Why This ‘Fixer Upper’ Couple Was So Furious With Chip and Joanna Gaines

Joanna Gaines and Chip Gaines usually amaze clients with their incredible home transformations, but one couple was furious with the Fixer Upper stars after appearing on their show. Here’s why two clients who had their house renovated on the HGTV program were so upset with the famous couple.

Chip and Joanna Gaines smile and pose together at an event.
Chip Gaines and Joanna Gaines | Cindy Ord/Getty Images for SiriusXM

Chip and Joanna Gaines renovated the ‘Three Little Pigs House’ on ‘Fixer Upper’

A couple named Ken and Kelly Downs appeared on season 3 of Chip and Joanna Gaines’ show Fixer Upper. The Gaineses showed the Downses a dilapidated house built in 1905, which they called a “wild card.” The couple purchased the Waco, Texas home for a mere $35,000 (per Country Living).

The run-down house was nicknamed the “Three Little Pigs House,” after the fairytale in which the big, bad wolf blew down two pigs’ houses made of straw and sticks. But when he got to the third little pig’s house, which was made out of brick, he couldn’t knock it down by huffing and puffing. 

The “Three Little Pigs” house on Fixer Upper may have initially resembled one of the fairytale homes made of sticks or straw, but after Chip and Joanna Gaines put $215,000 worth of renovations into it, it was much more like the third pig’s sturdy brick house. 

One couple is unhappy that Chip and Joanna Gaines showed them a house in a bad neighborhood

“We take the worst house in the best neighborhood and turn it into our clients’ dream home,” Joanna Gaines proudly claims in the Fixer Upper intro. But Ken and Kelly Downs disagreed with that statement. 

After a year of living in their renovated Waco, Texas home, the Downsed became furious with the Fixer Upper stars. The reason they were so upset? The neighborhood they moved into felt very unsafe to the new residents.

In July 2017, an allegedly drunk driver crashed into the couple’s house. “It’s like the Wild West here,” Kelly told the Waco Tribune-Herald. “There’s been a lot of commotion coming from the bars and the store across the street.”

The publication reported that the Downses have continuously complained about “late-night noise from nearby bars, suspicious activity, and push-back, some of it anti-Fixer Upper.” The couple didn’t understand why Chip and Joanna Gaines showed them a home in such a “bad neighborhood,” despite their TV show’s claims to the contrary.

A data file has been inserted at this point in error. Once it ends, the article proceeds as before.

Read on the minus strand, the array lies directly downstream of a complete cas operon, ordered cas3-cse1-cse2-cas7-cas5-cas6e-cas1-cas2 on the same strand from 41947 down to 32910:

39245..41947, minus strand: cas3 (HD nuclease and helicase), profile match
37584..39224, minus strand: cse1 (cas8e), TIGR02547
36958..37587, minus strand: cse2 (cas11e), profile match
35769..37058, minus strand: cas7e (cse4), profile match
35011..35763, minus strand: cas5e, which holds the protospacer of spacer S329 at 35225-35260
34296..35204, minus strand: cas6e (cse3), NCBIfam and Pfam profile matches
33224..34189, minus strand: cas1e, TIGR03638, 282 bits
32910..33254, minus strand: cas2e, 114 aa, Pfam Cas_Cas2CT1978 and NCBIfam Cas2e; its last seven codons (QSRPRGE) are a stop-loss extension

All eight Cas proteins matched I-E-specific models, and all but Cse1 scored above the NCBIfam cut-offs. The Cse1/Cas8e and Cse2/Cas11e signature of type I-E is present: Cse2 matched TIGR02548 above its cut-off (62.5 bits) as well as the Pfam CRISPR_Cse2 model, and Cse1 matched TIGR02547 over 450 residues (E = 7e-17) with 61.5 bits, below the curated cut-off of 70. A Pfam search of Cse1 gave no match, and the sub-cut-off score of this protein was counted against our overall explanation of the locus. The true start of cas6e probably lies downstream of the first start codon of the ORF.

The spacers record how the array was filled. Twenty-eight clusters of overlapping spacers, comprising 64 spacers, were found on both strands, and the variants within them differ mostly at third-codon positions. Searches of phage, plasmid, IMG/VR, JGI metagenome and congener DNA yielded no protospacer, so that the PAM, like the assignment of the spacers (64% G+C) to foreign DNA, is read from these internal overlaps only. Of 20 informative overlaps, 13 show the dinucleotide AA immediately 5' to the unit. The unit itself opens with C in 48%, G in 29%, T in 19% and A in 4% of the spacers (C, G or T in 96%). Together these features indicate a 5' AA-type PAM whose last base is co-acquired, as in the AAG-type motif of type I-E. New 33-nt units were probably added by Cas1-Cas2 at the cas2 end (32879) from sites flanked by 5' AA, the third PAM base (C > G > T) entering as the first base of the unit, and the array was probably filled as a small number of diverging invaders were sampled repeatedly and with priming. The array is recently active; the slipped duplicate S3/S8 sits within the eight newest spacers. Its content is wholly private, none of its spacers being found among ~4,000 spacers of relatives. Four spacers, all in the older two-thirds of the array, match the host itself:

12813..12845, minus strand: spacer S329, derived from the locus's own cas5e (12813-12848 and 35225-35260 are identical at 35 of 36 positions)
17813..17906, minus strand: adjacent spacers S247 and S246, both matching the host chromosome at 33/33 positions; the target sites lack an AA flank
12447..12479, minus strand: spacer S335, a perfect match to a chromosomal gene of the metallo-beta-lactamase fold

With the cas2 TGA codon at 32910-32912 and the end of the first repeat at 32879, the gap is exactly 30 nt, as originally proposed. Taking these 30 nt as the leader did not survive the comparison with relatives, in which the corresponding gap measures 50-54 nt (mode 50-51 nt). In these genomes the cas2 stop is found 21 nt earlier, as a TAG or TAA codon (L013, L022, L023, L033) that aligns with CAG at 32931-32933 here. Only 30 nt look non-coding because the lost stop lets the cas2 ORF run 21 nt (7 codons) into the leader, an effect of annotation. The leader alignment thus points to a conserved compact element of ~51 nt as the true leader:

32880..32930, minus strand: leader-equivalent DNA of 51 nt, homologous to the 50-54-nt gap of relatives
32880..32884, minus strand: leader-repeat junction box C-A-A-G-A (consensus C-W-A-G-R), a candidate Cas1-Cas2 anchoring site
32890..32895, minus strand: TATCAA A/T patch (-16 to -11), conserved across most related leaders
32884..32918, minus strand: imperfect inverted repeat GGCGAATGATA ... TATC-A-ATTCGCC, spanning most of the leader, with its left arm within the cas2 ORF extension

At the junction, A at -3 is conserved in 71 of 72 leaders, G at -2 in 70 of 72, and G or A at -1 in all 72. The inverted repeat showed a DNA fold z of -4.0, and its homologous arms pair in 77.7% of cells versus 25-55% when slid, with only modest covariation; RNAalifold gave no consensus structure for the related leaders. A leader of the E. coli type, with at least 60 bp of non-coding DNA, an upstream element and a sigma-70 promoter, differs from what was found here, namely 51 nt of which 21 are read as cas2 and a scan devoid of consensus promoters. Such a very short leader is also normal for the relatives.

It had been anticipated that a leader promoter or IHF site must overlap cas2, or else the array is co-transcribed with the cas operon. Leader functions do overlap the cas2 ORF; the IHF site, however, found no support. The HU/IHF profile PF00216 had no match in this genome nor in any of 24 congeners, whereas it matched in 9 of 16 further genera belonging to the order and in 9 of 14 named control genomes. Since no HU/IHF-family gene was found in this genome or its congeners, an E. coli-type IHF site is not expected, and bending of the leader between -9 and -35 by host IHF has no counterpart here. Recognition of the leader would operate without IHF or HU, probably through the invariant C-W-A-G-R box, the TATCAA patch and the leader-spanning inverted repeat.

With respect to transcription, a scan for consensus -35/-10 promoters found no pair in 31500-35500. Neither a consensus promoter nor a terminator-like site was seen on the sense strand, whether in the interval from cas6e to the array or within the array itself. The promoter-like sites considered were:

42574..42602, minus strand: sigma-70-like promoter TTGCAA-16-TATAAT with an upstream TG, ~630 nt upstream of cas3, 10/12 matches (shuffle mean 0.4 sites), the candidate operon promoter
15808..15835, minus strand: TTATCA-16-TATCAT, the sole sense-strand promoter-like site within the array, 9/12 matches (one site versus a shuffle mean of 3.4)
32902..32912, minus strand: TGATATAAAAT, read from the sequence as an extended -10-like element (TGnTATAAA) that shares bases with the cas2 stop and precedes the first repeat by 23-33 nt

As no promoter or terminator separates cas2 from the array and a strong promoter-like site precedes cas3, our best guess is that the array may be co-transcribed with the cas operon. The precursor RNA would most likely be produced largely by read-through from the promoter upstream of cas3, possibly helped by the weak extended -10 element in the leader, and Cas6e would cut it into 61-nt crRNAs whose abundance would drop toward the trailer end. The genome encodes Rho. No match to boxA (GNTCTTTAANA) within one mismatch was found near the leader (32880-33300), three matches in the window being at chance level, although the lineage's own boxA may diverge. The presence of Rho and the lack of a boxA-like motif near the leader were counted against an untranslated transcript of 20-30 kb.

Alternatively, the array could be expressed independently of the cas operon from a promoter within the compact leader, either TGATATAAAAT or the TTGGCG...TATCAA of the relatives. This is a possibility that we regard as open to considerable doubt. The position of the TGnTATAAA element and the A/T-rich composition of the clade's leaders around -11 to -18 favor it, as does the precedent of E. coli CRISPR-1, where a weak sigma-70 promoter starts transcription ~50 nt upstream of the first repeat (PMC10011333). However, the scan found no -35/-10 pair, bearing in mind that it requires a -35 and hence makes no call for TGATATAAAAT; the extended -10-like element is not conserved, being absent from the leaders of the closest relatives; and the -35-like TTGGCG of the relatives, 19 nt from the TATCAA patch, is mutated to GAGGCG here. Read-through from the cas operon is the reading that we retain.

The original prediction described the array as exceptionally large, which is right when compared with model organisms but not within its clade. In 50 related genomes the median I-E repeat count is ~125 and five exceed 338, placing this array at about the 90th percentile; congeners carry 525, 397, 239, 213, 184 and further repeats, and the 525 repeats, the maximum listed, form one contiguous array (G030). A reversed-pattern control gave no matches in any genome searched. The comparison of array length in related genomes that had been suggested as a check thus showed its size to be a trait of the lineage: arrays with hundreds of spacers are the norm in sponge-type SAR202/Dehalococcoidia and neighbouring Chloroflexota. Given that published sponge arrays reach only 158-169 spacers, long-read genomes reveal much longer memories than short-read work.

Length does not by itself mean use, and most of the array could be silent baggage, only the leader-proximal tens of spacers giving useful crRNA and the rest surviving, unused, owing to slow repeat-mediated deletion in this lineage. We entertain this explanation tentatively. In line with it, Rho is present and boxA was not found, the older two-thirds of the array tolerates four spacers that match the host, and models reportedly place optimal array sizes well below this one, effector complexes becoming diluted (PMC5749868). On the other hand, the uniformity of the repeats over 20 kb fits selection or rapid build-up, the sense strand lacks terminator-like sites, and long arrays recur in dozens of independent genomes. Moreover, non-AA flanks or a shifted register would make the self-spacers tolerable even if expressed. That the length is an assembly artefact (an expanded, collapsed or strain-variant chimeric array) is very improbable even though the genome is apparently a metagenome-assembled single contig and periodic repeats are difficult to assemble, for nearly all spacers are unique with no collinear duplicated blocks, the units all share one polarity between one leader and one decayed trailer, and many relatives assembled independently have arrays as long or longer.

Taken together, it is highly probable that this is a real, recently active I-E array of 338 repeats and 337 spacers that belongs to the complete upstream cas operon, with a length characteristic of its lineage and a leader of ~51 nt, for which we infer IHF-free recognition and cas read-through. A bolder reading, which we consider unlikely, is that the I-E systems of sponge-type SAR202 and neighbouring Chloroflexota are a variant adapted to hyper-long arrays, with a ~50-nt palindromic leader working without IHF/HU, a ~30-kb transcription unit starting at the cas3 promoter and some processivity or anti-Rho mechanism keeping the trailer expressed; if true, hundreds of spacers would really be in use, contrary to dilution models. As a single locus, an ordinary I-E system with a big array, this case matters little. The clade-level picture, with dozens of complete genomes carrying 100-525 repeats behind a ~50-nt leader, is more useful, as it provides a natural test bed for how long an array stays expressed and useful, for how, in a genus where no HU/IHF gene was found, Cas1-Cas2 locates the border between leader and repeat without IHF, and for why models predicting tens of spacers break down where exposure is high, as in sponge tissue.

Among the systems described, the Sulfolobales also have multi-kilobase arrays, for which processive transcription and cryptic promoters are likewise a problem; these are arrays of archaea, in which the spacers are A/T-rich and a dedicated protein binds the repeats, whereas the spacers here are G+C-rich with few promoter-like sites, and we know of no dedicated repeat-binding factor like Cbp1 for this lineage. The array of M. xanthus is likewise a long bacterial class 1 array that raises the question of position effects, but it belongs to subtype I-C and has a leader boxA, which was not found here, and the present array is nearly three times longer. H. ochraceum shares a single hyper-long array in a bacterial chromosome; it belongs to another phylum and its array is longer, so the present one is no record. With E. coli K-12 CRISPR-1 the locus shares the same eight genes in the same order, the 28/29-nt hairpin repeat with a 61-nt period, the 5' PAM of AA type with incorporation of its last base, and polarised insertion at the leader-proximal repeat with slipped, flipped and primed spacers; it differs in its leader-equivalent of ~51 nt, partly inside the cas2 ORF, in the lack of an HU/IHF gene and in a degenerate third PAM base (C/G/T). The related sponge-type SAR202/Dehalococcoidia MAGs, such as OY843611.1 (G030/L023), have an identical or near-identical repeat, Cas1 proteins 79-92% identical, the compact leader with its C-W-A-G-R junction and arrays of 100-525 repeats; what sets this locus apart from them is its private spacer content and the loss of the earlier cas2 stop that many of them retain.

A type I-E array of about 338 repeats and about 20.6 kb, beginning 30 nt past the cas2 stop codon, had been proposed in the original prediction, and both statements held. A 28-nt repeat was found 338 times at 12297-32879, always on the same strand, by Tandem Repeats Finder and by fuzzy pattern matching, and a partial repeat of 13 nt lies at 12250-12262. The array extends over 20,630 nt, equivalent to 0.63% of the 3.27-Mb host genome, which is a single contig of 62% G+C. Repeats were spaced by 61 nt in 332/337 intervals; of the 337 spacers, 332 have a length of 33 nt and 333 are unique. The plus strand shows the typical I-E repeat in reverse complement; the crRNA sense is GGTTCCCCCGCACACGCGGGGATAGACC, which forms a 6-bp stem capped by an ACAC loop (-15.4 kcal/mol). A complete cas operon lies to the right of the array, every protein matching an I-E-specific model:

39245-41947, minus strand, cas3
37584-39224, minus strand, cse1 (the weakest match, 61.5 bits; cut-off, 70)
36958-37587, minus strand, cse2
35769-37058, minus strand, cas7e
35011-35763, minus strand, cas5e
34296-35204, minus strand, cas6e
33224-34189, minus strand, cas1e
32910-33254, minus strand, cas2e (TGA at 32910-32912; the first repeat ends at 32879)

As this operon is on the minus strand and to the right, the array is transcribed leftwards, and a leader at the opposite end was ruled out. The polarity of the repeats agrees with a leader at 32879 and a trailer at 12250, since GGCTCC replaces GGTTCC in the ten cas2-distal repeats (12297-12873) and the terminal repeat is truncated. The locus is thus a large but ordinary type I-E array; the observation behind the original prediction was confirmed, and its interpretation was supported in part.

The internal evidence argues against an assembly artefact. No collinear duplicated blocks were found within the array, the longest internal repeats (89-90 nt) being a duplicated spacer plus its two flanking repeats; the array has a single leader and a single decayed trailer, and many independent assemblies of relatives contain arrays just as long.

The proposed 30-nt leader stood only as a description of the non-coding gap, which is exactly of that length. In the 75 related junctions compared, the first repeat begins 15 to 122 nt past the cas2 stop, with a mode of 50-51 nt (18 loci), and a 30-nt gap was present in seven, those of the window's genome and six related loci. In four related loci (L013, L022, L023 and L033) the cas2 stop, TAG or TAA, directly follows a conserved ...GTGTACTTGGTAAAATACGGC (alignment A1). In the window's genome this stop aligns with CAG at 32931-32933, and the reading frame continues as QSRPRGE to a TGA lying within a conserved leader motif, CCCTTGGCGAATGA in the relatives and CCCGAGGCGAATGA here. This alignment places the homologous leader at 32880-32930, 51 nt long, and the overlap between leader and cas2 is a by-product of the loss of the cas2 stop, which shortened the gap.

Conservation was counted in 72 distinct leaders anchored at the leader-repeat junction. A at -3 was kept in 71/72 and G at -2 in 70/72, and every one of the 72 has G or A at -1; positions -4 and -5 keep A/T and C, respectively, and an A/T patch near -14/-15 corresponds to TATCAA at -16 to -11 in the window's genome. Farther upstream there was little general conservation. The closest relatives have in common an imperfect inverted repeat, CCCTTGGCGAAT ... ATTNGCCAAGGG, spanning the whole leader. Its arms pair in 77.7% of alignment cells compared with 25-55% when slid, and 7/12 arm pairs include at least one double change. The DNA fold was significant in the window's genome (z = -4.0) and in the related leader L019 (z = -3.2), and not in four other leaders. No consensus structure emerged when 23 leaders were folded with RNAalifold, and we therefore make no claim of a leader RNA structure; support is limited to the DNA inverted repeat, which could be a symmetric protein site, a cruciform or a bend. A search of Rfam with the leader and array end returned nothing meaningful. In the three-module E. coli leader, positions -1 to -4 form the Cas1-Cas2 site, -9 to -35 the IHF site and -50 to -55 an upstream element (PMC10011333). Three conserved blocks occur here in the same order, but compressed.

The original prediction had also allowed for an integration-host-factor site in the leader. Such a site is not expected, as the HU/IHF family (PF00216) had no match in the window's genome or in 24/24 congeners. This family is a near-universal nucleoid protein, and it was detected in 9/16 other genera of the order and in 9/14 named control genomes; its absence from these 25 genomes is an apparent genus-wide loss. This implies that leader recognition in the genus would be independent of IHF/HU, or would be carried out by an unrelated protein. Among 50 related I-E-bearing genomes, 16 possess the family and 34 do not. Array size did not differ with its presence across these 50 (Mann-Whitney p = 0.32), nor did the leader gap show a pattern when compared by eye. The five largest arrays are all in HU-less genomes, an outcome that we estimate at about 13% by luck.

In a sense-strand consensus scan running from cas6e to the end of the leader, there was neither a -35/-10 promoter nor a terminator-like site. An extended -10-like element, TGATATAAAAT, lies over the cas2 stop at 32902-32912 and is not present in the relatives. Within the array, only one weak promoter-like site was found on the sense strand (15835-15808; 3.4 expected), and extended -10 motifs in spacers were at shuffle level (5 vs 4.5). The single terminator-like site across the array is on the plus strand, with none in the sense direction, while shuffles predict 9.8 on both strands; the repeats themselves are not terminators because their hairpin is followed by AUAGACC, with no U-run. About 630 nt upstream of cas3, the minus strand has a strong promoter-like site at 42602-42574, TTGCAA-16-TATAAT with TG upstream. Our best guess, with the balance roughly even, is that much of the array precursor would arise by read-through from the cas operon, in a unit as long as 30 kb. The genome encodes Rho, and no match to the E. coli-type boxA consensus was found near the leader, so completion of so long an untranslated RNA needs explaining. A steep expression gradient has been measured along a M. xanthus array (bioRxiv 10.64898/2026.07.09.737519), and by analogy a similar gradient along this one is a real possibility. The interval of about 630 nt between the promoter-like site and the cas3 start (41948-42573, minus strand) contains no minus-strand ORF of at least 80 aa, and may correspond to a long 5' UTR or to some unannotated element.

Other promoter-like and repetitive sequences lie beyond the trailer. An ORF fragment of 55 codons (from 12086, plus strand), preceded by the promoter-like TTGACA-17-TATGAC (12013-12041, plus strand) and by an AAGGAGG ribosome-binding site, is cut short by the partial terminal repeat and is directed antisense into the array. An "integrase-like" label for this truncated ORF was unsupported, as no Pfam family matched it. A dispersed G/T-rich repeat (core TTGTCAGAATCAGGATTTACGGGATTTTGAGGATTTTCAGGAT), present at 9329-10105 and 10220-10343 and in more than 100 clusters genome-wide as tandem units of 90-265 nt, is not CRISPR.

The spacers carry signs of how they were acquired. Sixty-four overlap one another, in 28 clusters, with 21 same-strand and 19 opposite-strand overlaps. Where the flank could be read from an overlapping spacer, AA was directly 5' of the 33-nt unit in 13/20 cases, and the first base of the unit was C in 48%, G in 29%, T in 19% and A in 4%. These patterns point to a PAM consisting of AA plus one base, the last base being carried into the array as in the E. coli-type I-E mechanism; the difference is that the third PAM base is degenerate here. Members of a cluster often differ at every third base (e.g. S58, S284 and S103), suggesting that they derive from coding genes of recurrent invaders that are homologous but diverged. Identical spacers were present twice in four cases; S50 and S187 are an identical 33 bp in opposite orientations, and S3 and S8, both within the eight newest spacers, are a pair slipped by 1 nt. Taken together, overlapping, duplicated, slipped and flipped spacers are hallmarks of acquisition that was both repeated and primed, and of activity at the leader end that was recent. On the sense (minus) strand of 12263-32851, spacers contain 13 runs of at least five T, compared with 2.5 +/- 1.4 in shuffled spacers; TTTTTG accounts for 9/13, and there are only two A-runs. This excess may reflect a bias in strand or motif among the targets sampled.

“It’s been a problem from the beginning,” Kelly said. “We feel deceived by the city of Waco and Magnolia Realty.” She added that she and her husband have been “intimidated and harassed” and that “it’s not safe” where they live. 

Fans have complained that ‘Fixer Upper’ is ‘bad’ for the home improvement industry 

Although Fixer Upper and its stars Chip and Joanna Gaines have no shortage of fans, there have also been plenty of controversies surrounding the HGTV show. Some fans complained that the reality series is “bad” for the home improvement industry.

They sounded off in a Reddit thread titled, “Can we all agree HGTV is bad for the home improvement industry as a whole?” Their chief complaint was that the show gives viewers an unrealistic expectation of renovation costs. 

“They promote an unrealistic idea of cost!” the original poster wrote. “There is no possible way to pay a semi decent contractor to gut a kitchen, install new cabinets, countertops, backsplash, and flooring for $25k.”

Another complaint is the estimated value the renovations add to the homes. “As an appraiser, my biggest gripe with those type of shows is how they give people an unrealistic expectation on how it is going to increase the value of their home,” one fan commented.

“Indeed! Just because you spent $40k doesn’t mean your house gained ANY value,” wrote another fan. “In many cases yes you’ve added a little, but not the 20-30% increases some show.”

And others pointed out the misleading timelines on HGTV. “As someone who renovates for a living, hgtv is a comedy,” one fan wrote. “Completely made up numbers as far as cost and timeline goes. People are shocked when a reno takes 4 months not 4 weeks.”

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